Chinese auction houses climb worldwide revenue rankings – Artprice

ASIAN AUCTION HOUSES CHINESE ART MARKET REVENUE

Apparently oblivious to the recession, the Chinese art market posted its best-ever six-month auction earnings in the second half of 2009. Reflecting the rising importance of the Middle Kingdom in the world economy, China’s auction houses are claiming more and more spots in the world’s top 10 by revenue. Three of them appear in the Artprice Contemporary Art Market 2009/2010 Annual Report rankings.

Speaker of the Indonesian House of Representatives, Laksono Agung at a Poly Auction opening night in Jakarta in September 2007. Image taken from 保利拍卖.net.

Speaker of the Indonesian House of Representatives, Laksono Agung at a Poly Auction opening night in Jakarta in September 2007. Image taken from 保利拍卖.net.

Click here to read the Artprice Contemporary Art Market 2009/2010 Annual Report for yourself (in PDF format), all 76 pages of it. See page 10 for the auction house listings.

China Guardian Auctions sneaks in at number 4 worldwide with €13.9 million revenue in 2009/2010. Set up in 1993, the company is headquartered in Beijing and has been active on the repatriation front, purchasing rare pieces of Chinese calligraphy and donating them to mainland museums. Run by Guizhou native Wang Yannan, it specialises in Chinese art, with a particular focus on oil paintings, calligraphy and porcelain.

Poly Group, a trade and real estate conglomerate, opened a subsidiary devoted to art and culture in 2005. Since then, Poly International Auction has quickly become one of the best-known auction houses in China, grossing €13.6 million in 2009/2010, the fifth-highest revenue generated worldwide. Headquartered in Beijing, it specialises in contemporary Chinese art and since 2007 has been active in ceramics and rare books.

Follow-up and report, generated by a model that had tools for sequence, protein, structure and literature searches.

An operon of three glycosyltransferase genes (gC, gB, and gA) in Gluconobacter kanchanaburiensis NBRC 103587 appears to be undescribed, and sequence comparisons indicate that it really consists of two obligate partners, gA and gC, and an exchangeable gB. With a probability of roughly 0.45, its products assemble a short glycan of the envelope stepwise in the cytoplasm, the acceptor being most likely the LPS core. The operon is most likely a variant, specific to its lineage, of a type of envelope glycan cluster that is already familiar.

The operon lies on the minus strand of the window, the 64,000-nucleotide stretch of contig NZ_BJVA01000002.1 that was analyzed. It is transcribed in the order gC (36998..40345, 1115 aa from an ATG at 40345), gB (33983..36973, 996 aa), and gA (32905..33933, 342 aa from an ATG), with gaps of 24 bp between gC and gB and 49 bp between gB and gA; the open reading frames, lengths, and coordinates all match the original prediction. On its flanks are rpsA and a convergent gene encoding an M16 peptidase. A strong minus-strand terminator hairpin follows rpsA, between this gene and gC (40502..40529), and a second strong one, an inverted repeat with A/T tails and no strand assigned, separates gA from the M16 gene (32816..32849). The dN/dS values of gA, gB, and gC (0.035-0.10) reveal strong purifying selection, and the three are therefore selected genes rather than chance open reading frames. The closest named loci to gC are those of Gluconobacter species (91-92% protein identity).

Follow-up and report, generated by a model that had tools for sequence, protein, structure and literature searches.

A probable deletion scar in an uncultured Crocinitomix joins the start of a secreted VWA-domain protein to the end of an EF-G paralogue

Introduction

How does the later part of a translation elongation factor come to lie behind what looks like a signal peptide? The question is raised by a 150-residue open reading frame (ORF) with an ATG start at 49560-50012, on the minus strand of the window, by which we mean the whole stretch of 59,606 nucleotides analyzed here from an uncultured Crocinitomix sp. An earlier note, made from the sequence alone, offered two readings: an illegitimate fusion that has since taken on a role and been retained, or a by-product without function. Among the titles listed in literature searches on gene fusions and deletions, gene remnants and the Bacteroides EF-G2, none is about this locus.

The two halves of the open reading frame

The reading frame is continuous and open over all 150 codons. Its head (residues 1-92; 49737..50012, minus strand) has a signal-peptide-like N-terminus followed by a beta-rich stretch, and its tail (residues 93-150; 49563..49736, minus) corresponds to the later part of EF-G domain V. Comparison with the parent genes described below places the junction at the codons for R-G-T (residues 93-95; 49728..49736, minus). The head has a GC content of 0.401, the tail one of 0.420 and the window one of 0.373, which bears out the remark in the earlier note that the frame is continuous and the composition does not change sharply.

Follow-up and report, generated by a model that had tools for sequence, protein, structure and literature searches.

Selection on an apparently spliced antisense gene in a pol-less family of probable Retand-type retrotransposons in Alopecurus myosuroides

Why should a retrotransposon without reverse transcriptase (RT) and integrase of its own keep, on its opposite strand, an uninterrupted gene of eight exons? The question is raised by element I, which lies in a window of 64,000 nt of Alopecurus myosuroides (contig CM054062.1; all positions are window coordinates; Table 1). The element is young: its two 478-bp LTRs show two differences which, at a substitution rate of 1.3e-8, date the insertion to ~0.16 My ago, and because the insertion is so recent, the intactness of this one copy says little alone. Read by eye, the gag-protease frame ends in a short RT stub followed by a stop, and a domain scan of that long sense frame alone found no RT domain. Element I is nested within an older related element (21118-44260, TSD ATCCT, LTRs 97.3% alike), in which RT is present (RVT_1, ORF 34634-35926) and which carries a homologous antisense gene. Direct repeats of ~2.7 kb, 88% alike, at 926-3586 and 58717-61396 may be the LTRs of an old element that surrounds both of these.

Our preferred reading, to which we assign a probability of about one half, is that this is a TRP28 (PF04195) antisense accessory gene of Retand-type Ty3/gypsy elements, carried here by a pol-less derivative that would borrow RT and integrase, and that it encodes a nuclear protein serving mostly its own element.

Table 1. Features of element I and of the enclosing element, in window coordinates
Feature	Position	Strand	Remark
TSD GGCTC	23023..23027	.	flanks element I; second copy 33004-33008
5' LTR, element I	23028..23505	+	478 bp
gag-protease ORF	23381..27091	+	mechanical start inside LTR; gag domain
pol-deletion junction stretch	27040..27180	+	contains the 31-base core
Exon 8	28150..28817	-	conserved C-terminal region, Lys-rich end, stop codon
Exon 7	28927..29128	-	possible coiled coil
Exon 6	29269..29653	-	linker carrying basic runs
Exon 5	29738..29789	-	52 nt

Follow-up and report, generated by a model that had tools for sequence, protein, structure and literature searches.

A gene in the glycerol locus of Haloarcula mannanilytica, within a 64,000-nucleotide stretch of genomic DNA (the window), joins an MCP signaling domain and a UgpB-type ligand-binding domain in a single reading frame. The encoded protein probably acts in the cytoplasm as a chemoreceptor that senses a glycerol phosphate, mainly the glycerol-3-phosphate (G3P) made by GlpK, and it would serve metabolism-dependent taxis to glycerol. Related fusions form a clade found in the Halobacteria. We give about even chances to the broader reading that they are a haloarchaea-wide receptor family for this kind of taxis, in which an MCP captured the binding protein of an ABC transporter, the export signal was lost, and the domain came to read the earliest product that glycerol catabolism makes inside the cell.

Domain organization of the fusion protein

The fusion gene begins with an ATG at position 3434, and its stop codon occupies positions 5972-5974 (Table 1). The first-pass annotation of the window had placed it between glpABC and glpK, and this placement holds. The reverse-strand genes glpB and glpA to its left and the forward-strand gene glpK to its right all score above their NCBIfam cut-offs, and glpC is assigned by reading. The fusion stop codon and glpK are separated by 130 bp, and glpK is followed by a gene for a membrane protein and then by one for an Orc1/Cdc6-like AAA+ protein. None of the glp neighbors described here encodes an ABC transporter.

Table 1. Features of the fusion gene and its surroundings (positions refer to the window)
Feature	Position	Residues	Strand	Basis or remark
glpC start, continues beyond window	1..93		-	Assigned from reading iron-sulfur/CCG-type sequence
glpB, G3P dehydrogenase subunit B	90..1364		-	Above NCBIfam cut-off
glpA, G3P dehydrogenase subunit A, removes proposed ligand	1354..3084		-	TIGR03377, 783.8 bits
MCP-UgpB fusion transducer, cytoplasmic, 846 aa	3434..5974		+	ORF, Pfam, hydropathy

Dai Ronghua, 'Conveying Love with a Red Leaf' (detail), antique-glazed vase, China Guardian Spring Auction 2010, Beijing, China. Image taken from cguardian.com.

Dai Ronghua, 'Conveying Love with a Red Leaf' (detail), antique-glazed vase, China Guardian Spring Auction 2010, Beijing, China. Image taken from cguardian.com.

Shanghai Hosane Auction, ranking number 8 worldwide with €5.4 million revenue in 2009/2010, has a smaller Chinese presence than Poly Group or China Guardian. With a branch office in Hanover, Germany, it has strong ties to Europe. Still active in the European market, it shifted its head office to China in the early 1990s. It specialises in traditional Chinese art, with a focus on painting and calligraphy, oil painting and sculpture.

Wu Guanzhong, ‘Early Spring in the Purple Bamboo Garden’, 1973, oil on canvas, 60 x 81 cm, Hosane 2010 Fall Auction, Beijing, China. Image taken from hosane.com.

Wu Guanzhong, ‘Early Spring in the Purple Bamboo Garden’, 1973, oil on canvas, 60 x 81 cm, Hosane 2010 Fall Auction, Beijing, China. Image taken from hosane.com.

The other Asian auction houses included in the Artprice’s top ten are: Ravenel Art Group (Taiwan, ranked 6th); Borobudur Auction (Singapore, ranked 7th); Seoul Auction (Korea, ranked 10th).

CCD/KN

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Comments

Chinese auction houses climb worldwide revenue rankings – Artprice — 3 Comments

  1. WE HAVE CONTEMPORY INDONESIAN PAINTERS WHO NEED TO BE RECOGNIZED AS TOP PAINTERS BECAUSE OF THEIR MARVELOUS ART PAINTINGS BUT DUE TO NO PUBLICITY, THEY ARE LEFT BEHIND. CAN YOU PLS. HELP US TO HAVE PUBLIC RECOGNITION BY HAVING WRITE UPS ABOUT THEM?
    BEST REGARDS,
    LILLY

  2. Pingback: Art Stage in Singapore /// The New Place to Be ? | EVER MAGAZINE

  3. As mainland Chinese collectors look for more and more items to invest in, these auction houses are very well positioned to gain from them, and as well as being primarily in China – they’re able to hold sales more frequently.

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